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Statistical inference is intimately tied to probability distributions – Gaussian, Poisson, Binomial etc. are evidence-backed probability density functions corresponding to specific event characteristics. There are application domains whereby algorithmic approaches are wholly appropriate (e.g. genetic algorithms in robotics), and even necessary (neural networks and image classification) when it is difficult to operationalize probability density (and the scope of data and context are contained).
The illustration above shows why Data Scientists applying the latest algorithmic approach in a domain with known probability densities risk sacrificing predictive power for model accuracy. They are either seduced by the latest “fad” or unaware that algorithmic-based approaches perform poorly beyond the limits of their input data range. More importantly model accuracy should not the sole end in itself because accuracy and overfitting are two sides of the same coin
All this means it is more important than ever to practice the 3 criteria of model evaluation that are typically tossed out at the beginning of Research / Statistics classes, and given scant attention after.
Parsimony – the simplest possible model is the best model. This recognizes one is overfitting at some point by adding more variables, and that each method introduces its own biases and data assumptions.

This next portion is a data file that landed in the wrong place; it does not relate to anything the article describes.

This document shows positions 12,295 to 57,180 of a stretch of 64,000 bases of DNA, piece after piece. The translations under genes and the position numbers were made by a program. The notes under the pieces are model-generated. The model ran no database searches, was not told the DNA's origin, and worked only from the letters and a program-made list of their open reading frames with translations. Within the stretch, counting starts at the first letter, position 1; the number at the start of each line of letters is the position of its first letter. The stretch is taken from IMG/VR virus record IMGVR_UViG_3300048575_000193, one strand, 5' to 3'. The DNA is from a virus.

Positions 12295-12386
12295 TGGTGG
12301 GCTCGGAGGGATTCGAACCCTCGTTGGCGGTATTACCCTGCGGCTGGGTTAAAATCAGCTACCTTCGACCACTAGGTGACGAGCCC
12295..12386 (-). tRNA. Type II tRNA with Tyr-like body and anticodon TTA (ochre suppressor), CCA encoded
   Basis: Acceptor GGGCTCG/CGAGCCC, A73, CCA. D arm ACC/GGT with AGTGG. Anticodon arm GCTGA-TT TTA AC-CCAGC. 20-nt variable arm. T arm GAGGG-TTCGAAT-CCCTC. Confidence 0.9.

Validity – addressing potential biases in the data, and triangulating results with external sources vs. accepting model-generated metrics as truth.
Reliability – is the extent in which the results are replicable in different / real-world contexts. The current reliance on accuracy metrics in Machine Learning parallels the reliance on p-values by scientific community. By itself, a highly accurate model or a highly statistically significant study does not guarantee it would perform similarly in a different / real-world context.
This problem of an ever-increasing accumulation of large bodies of unreplicable published research forced the ASA (American Statistical Association) to issue a statement on p-values in 2016, essentially saying they should not be used as the sole basis of evaluation, and are not a substitute for scientific reasoning.
Data Scientists/ML experts etc. should take the same to heed as well (particularly in domains dealing with stochastic processes, shifting time series etc) as it typically takes less than 10% input noise/variance to break predictions.
About the Author
Stephen Chen spent over 10 years as an advanced analytics management consultant in diverse industries (including financial, retail, CPG, automotive, telecom, technology, healthcare, agency etc.) helping senior management turnaround their businesses with his blend of data science, strategy, and human insights expertise. Along the way, he has audited numerous models as well as developed analytic techniques that address shortcomings of existing methods.
Originally trained as a social scientist, Stephen was one of the handful of researchers to specialize in Social Network Analysis before the ascendance of Google and Facebook popularized those algorithms. He taught classes on Critical Statistics in university and has been a passionate advocate for model robustness and reliability.
Credit: Google News